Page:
Most guitarists learn to play in EADGBE ‘standard’ tuning, and alternatives can be intimidating. But alt. tunings can pay dividends. One of the best ways to learn is to know what others use and when.
Here’s a very brief starter guide to just a few famous songs and players...
Dropped D (DADGBE, low to high)
An easy one, and widely used across numerous genres and picking styles. It can add depth to some basic chords – D primarily - but G chords will be harder. Double dropped D sees the high E also dropped down to D.
Some examples of dropped D tuning are: The Beatles “Dear Prudence,” Fleetwood Mac “The Chain,” (but capo’d at the second fret). Neil Young “Ohio,” “Harvest Moon” and many more, though Young’s “Cinnamon Girl” is in double drop D. Nirvana “All Apologies” is drop D, but with all strings down a semi-tone. Foo Fighters “Everlong” is drop D and shows the tuning’s powerchord potential. Soundgarden “Black Hole Sun” (main guitar) is drop D, as is Rage Against The Machine “Killing in the Name.”
Black Sabbath’s Tony Iommi (arguably) started the trend by tuning down to C# (regular intervals) - but that was more to do with his damaged fretting fingers finding regular tuning tension hard. There are plenty of dropped C songs (some CGCFAD, some CFBbEbGC)…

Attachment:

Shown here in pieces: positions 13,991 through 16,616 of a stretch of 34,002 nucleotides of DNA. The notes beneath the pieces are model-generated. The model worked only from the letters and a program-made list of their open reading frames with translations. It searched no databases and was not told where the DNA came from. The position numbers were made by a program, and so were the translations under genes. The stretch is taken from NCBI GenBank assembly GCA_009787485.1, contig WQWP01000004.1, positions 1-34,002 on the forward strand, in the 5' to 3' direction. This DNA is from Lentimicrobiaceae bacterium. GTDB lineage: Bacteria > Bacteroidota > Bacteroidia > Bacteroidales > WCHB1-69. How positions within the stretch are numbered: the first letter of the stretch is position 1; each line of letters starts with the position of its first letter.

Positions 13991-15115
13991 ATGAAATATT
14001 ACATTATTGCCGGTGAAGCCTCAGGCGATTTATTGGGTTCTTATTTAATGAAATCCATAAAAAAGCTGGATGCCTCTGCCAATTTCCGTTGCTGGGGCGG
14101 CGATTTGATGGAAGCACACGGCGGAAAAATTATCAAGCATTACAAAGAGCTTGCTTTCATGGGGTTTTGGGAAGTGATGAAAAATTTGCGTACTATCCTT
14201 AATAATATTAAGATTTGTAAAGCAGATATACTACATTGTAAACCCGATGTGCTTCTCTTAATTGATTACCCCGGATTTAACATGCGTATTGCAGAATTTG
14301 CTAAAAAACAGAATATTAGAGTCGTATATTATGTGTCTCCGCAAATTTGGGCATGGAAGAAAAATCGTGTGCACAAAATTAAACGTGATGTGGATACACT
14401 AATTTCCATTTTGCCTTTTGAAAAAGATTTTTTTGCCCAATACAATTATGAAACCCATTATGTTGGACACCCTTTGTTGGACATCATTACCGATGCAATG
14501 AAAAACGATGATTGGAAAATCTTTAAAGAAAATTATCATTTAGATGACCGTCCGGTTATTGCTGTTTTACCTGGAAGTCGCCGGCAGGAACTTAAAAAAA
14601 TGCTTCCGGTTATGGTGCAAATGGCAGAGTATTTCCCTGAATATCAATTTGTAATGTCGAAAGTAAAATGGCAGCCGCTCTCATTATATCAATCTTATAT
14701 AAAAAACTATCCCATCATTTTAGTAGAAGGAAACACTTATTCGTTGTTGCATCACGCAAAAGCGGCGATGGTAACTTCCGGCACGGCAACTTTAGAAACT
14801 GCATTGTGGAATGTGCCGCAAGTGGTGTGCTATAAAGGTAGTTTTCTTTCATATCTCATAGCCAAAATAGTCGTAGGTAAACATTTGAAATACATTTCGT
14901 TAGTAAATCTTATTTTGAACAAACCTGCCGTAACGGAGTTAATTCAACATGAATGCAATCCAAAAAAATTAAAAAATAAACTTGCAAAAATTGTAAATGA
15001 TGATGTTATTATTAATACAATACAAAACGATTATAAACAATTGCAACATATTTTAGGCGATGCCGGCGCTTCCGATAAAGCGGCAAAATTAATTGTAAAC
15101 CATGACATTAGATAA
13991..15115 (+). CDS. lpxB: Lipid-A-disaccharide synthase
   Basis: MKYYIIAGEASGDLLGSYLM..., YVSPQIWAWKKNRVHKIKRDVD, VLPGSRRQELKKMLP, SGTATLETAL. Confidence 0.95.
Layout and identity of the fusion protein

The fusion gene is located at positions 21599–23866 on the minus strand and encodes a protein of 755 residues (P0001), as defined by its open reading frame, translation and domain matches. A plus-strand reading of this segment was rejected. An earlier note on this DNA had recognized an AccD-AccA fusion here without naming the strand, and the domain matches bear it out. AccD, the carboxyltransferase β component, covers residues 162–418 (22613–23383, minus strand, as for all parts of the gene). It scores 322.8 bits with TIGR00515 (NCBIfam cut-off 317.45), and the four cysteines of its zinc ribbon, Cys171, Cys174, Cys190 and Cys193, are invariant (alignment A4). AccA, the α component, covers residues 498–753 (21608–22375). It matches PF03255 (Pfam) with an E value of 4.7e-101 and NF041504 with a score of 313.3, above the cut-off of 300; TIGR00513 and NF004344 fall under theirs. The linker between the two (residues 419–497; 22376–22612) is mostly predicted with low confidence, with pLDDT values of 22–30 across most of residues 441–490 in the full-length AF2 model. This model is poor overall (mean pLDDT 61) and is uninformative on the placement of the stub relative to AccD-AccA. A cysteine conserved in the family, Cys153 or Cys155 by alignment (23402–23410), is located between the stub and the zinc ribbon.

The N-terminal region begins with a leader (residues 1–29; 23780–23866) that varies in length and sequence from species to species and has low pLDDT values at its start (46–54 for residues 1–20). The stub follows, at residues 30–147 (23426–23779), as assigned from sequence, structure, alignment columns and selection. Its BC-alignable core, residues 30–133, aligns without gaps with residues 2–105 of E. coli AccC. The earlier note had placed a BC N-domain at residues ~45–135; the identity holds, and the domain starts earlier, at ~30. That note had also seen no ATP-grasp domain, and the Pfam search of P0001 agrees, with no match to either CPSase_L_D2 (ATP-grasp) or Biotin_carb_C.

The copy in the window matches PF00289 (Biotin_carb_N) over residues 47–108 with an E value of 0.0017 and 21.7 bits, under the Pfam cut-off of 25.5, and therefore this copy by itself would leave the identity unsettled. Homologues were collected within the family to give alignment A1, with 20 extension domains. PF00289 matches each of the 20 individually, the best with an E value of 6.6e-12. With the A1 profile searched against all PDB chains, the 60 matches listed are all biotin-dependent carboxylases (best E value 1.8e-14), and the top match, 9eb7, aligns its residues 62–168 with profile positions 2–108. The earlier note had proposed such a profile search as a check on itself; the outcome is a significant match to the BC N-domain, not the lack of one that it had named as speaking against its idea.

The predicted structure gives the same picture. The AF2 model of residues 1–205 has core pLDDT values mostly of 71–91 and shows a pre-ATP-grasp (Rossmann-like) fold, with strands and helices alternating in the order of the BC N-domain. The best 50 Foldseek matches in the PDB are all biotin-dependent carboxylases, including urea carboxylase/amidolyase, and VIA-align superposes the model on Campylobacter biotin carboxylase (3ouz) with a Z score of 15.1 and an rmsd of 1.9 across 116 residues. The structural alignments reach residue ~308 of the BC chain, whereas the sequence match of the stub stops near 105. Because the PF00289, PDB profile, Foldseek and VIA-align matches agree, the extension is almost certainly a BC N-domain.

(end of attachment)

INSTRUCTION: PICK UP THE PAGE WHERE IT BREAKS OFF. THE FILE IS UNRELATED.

Queens of the Stone Age “No One Knows” is in regular intervals, but down to C (CFA#D#GC). Steve Vai “Bad Horsie” is CGCFAD = dropped C, like dropped D but down another tone. Bullet For My Valentine and Rammstein have many songs in dropped C tuning. Warning: dropping your ‘standard’-tuned guitar down to C is not always a great idea without altering your set-up/strings.
Open E, D and G
Open tunings are favoured by slide guitarists, but others too. The name signifies that the strings are tuned to play an “open” (without any fretting) major chord. Open E is thus EBEG♯BE – it’s sometime called vestapol tuning. Open D is DADF♯AD. Open G is DGDGBD – often called slack-key tuning.
For slide playing, open tuning is not compulsory… but there are few players who play slide in standard EADGBE tuning. You don’t have to play slide in open tunings, though. Here are a few classics that won’t make much sense unless you switch to open…
The Rolling Stones “Start Me Up,” “Honky Tonk Women,” “Street Fighting Man,” “Jumping Jack Flash” and many more are open G. Note that Keith Richards usually removes his sixth string so the lowest tone string is the root of the chord (ie, G). Hence Keef’s self-deprecating description of his playing as “Five strings, two fingers, one a****le.” More on Keith Richards’ open G playing.
The Black Crowes “Twice as Hard” and many others are open G. Indeed, Rich Robinson often tunes to open G but then slaps a capo on. “Remedy” and “Sometimes Salvation” are in open G but with a capo at the 3rd fret, making for an open Bb tuning. “Thorn in my Pride” and the Crowes’ cover of “Hard to Handle” move the capo up to the 4th fret, making them open B. Fun to be had, but don’t get confused!